WebRTC with Asterisk and Amazon AWS

If WebRTC2SIP is not working for you, use embedded WebRTC support in the Asterisk PBX

In a "Compiling and Installing WebRTC2SIP" I described how to install Webrtc2sip to include SIP signalling in your webrtc applications. Unluckily there were some issues with webrtc2sip reported by Rosario Santoro (@RosSantoro1) and further discussed in the Doubango Google Group. Without having a solution yet, I decided to give Asterisk another shot. So in this article I'll describe how to use Asterisk only (without webrtc2sip) to setup a webrtc scenario without any other third party applications. This article is loosely based on this one.

Creating the EC2 instance and installing the Asterisk PBX for WebRTC

I selected Amazon Linux for this, but the instructions should work on any CentOS like operating system, and should be easily adaptable to other linux distros like Ubuntu.

Security Group to allow WebRTC traffic into the Asterisk PBX

The security group should allow:

  • Inbound connections to the TCP port 22 (to login via SSH, of course)
  • Inbound and Outbound traffic to the UDP port 5060 (if you're going to use any peers with standard SIP over UDP).
  • Inbound connections to the TCP port 8089 (we're going to use this one to serve a TLS-enabled websocket with asterisk)
  • Inbound and outbound to the UDP port range setup in your rtp.conf file
  • Inbound connections to the TCP port 443 (if you're going to serve your webrtc application from this instance, we're going to do this by using the SIPML5 example)
  • Installing Base Packages needed in Amazon Linux or CentOS to install Asterisk PBX

    We first need to install some basic packages, to compile everything:

    Nginx is installed so we can serve our own HTML5 application in the same server, but you can skip it if that will not be your case.

    NOTE: In CentOS you will need to install epel-release to install nginx.

    In a similar way, GNU Screen is installed becase I still like to use it, so feel free to also skip it or replace it with another thing.

    Install DaemonTools to start the Asterisk PBX as a service

    It is highly recommended that you manage your asterisk installations with daemontools. You can find out how to install them in this article titled: Installing DaemonTools in Amazon Linux (or CentOS like OS).

    Install libgsm 1.0.13

    You have to download and apply the following patch so you can build libgsm as a shared library:

    Then you can proceed to build and install:

    Install OpenSSL 1.0.2d

    Install libsrtp 1.5.2 as a shared library

    libsrtp is used to provide audio by using SRTP and its mandatory for webrtc communications. We need to install libsrtp as a shared library:

    Install libjansson 2.7

    Install PjProject 2.4

    PJSip is a new full SIP stack, used to replace chan_sip. And although we're still going to use chan_sip here, pjsip is needed to correctly handle ICE and STUN.

    Install Asterisk 13.6.0

    Configure Asterisk. Make sure that all the pj* resources are enabled, as well as the res_srtp and res_http_websocket ones.

    Add library paths to /etc/profile

    You might want to add this to your /etc/profile so the correct libraries will be used in your shell:

    Setup /usr/asterisk/etc/asterisk/sip.conf

    In the general section of your sip.conf file set:

    Sample SIP Peer for WebRTC in Asterisk

    Setup the HTTP webserver in Asterisk PBX to support the WebRTC websocket in /usr/asterisk/etc/asterisk/http.conf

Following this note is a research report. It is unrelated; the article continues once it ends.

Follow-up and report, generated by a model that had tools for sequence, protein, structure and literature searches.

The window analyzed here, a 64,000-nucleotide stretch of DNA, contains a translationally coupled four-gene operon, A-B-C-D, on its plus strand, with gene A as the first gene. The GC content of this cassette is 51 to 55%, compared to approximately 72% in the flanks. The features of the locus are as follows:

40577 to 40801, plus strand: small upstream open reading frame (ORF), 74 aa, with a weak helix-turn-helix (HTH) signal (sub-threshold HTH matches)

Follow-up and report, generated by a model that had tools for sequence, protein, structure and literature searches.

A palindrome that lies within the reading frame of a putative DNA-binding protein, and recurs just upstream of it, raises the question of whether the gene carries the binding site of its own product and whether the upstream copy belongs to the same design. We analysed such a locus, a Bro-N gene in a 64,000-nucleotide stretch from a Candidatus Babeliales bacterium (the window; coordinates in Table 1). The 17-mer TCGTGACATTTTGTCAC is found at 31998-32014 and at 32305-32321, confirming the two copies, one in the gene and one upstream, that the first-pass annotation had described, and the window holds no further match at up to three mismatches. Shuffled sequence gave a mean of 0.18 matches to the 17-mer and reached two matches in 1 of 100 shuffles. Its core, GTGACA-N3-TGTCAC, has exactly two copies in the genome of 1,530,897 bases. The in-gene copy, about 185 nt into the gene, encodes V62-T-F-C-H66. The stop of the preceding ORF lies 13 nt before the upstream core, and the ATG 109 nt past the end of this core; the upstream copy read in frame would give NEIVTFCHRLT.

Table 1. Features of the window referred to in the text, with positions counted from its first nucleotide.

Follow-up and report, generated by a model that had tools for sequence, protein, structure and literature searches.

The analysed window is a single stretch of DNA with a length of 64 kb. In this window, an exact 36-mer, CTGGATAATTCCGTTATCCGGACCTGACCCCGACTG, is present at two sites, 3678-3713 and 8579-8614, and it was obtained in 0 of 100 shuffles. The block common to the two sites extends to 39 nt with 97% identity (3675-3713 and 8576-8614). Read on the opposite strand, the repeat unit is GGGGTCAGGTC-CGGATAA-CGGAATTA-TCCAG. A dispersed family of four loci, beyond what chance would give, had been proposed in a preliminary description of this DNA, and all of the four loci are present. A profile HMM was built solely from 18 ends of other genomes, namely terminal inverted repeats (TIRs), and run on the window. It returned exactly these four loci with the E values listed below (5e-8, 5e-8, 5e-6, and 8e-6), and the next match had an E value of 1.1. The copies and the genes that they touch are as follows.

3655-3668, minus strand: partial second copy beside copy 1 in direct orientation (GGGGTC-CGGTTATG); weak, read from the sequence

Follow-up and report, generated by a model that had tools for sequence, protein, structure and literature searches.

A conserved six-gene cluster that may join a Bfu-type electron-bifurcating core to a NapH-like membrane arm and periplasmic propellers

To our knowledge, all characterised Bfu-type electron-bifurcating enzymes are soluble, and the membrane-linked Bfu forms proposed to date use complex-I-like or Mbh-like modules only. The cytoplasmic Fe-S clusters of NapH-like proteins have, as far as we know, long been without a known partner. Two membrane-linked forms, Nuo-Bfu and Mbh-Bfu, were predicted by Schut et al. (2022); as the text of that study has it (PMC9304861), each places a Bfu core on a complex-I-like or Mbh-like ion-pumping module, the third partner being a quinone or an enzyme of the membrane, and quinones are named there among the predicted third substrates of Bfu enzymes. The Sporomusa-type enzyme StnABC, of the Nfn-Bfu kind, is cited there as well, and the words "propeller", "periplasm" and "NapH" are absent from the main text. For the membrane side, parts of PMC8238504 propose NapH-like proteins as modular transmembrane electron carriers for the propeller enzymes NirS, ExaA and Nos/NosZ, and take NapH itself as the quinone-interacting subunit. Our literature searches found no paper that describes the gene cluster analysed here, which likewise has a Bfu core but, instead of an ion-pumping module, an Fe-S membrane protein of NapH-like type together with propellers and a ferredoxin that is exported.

In your http.conf file:

    Setup the RTP ports in Asterisk in /usr/asterisk/etc/asterisk/rtp.conf

    In your rtp.conf file:

    Create a user for Asterisk

    NOTE: You can skip this step if you're not using daemontools.

    Setup daemontools to start asterisk

    NOTE: You can skip this step if you're not using daemontools.

    Create the ./log/run file with the following contents:

    Create the ./run file with the following contents:

    Make daemontools start Asterisk automatically:

    Install SIPML5

    NOTE: You can skip this step if you already have your own webrtc application or other means to test the installation.

    Setup the nginx host to serve your WebRTC VoIP Application

    NOTE: You can skip this step if you already have your own webrtc application or other means to test the installation.

    Generate a stronger DHE for SSL key exchange

    Setup the nginx host:

    After starting nginx, you should be able to point your browser to: and see the SIPML5 demo.

    SIPML5 configuration for the Asterisk PBX

    In the Expert section:

    • Check "Disable Video"
    • Check "Enable RTCWeb Breaker"
    • Set the "Websocket Server URL": wss://
    • Set the "ICE servers": [{ url: ''}]
    • Check "Cache the media stream"

    In the Login section:

    • Set "Display Name": 100
    • Set "Private Identity": 100
    • Set "Public Identity":
    • Set "Password": 100
    • Set "Realm":

    Using self signed certificates

    If you're using self signed certificates and notice an error in your javascript console like this one

    ...failed: WebSocket opening handshake was canceled

    You have to manually add the certificate to the browser's trusted vault. To do this manually point your browser to and confirm the security exception. That should solve the issue and you should be able to connect to the websocket port from SIPML5.

    Conclusion: Use WebRTC without the hassle of WebRTC2SIP in Asterisk

    This will hopefully save you some hours of despair and debugging :) And also get rid of a "moving part" in your webrtc ecosystem, so you can connect directly all your softphones, voip providers, and webrtc applications to your asterisk installation.

    Thanks To

    Rosario Santoro for his helpful tips and comments for the article.